Apple iTunes store comes to Asia

Apple expanded its online iTunes store to include Taiwan, Hong Kong,  and 10 other Asian countries. Previously, Apple users in the company's fastest growing region could only access the iTunes store by using gift cards sold in Europe and the US.

Kin Cheung/AP/File
In this September 2011 file photo, customers cheer with staff members of Apple Inc. at the new store in Hong Kong's upscale International Financial Center Mall. Apple rolled out its iTunes online store to Hong Kong, Taiwan and 10 other Asian countries Wednesday, June 27, 2012, in a broad push to sell music and video to more users in the company's fastest growing region.

Apple rolled out its iTunes online store to Hong Kong, Taiwan and 10 other Asian countries Wednesday in a broad push to sell music and video to more users in the company's fastest growing region.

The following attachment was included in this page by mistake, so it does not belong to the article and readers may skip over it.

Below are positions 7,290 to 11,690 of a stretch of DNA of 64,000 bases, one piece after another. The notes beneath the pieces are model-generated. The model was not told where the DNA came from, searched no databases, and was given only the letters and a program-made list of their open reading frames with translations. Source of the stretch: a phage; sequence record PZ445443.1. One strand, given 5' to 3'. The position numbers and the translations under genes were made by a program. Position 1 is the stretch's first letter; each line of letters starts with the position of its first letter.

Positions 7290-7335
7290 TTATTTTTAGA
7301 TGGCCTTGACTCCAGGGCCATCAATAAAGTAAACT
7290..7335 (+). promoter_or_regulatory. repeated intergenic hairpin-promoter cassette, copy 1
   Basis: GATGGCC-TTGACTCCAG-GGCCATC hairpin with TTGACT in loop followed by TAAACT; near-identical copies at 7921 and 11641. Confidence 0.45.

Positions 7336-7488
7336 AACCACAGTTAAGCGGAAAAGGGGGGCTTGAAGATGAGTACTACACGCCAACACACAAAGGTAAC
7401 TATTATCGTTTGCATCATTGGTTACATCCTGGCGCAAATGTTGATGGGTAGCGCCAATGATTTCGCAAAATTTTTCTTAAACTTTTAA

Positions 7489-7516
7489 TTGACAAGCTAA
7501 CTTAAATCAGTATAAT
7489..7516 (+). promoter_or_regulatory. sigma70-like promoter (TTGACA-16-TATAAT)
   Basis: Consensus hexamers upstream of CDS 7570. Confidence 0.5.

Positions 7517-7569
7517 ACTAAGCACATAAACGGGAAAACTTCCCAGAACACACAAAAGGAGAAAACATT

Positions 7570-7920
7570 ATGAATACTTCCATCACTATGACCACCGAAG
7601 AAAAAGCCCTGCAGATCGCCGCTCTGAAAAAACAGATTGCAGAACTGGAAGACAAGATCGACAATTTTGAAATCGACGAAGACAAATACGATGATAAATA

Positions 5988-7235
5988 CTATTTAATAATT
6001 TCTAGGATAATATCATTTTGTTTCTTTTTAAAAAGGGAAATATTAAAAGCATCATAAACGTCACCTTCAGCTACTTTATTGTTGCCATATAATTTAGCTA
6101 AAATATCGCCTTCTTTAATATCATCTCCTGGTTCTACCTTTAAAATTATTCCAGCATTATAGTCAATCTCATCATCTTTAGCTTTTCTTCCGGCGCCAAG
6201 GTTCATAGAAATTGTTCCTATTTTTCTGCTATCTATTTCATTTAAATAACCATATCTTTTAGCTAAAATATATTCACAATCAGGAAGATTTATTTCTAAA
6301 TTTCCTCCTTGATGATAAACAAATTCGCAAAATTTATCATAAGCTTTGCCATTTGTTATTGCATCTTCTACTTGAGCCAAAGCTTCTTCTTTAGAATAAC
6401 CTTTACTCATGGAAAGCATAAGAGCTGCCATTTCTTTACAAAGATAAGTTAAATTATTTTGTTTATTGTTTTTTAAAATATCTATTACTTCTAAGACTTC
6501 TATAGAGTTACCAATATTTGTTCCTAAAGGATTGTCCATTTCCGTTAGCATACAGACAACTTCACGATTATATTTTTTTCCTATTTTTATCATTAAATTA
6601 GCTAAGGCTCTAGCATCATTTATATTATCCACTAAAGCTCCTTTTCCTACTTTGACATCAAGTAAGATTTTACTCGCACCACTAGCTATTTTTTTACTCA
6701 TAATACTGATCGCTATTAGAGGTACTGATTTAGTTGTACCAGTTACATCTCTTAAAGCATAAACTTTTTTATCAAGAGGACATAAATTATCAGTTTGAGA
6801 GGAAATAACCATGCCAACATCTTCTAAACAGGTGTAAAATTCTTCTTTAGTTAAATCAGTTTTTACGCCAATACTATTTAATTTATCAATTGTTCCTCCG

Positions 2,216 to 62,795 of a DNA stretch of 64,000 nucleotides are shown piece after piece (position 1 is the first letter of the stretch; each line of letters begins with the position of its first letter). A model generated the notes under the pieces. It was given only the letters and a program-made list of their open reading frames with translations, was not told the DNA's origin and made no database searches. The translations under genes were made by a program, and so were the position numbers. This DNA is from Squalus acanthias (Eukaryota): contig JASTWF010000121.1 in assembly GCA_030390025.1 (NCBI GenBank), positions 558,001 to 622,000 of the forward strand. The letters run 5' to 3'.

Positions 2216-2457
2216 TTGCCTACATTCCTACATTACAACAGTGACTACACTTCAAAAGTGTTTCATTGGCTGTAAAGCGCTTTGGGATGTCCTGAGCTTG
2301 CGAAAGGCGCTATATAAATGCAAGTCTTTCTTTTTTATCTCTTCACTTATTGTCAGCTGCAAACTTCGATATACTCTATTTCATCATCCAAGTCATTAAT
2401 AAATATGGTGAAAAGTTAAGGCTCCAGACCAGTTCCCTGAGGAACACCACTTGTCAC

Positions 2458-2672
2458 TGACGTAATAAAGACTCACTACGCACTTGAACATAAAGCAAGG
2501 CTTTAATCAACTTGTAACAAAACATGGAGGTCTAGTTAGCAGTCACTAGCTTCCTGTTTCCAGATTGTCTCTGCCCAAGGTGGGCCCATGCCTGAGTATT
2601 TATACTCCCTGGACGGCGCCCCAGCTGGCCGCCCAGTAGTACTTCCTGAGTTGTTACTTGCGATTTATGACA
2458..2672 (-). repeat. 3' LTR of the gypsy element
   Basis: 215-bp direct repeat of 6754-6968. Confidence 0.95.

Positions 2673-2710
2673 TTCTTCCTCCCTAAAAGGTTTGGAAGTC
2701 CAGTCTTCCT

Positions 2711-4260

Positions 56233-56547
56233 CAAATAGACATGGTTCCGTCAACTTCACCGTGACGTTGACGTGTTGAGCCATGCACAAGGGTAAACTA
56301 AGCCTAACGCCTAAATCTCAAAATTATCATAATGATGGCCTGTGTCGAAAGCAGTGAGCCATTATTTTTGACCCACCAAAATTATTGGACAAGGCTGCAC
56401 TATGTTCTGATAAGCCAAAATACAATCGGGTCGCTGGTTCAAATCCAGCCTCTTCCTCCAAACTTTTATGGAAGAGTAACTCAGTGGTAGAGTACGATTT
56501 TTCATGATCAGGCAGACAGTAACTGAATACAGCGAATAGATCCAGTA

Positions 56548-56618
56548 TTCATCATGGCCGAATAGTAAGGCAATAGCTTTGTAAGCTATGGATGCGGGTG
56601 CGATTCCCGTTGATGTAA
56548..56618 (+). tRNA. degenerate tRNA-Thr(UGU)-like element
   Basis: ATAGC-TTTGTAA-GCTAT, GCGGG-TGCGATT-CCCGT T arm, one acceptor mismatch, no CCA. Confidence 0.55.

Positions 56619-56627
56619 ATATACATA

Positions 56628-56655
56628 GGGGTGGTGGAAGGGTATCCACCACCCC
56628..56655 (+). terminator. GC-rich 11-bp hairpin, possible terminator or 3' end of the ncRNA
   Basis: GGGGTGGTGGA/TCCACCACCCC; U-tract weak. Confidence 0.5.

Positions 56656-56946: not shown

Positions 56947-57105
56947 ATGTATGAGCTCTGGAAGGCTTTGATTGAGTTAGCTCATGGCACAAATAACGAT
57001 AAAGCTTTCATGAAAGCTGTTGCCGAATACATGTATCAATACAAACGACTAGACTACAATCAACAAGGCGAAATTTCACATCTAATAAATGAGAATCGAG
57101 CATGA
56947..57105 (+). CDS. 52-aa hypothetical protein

Singapore, Macau, Malaysia, Philippines, Thailand, Sri Lanka, Vietnam, Brunei, Cambodia and Laos will also get their own iTunes stores. But China, which accounts for a big part of Apple's revenues, was not included.

Previously, Apple fans in these territories could access the company's App Store to download applications for their iPods, iPhones and iPads. The only way they could access music or movies from the iTunes store was by using gift cards sold in other countries such as the United States or Britain that already had their own stores.

Now they can use locally issued credit cards to download music from the store's 20-million-song library as well as buy or rent movies.

Until now in Asia and the South Pacific, only Australia, New Zealand and Japan had their own iTunes stores.

The Asia-Pacific region is becoming increasingly important to Apple's profit growth. Sales in the region, which excludes Japan, rose 174 percent in 2011 to $14.3 billion, outpacing the Cupertino, Calif.-based company's other major markets including the Americas and Europe.

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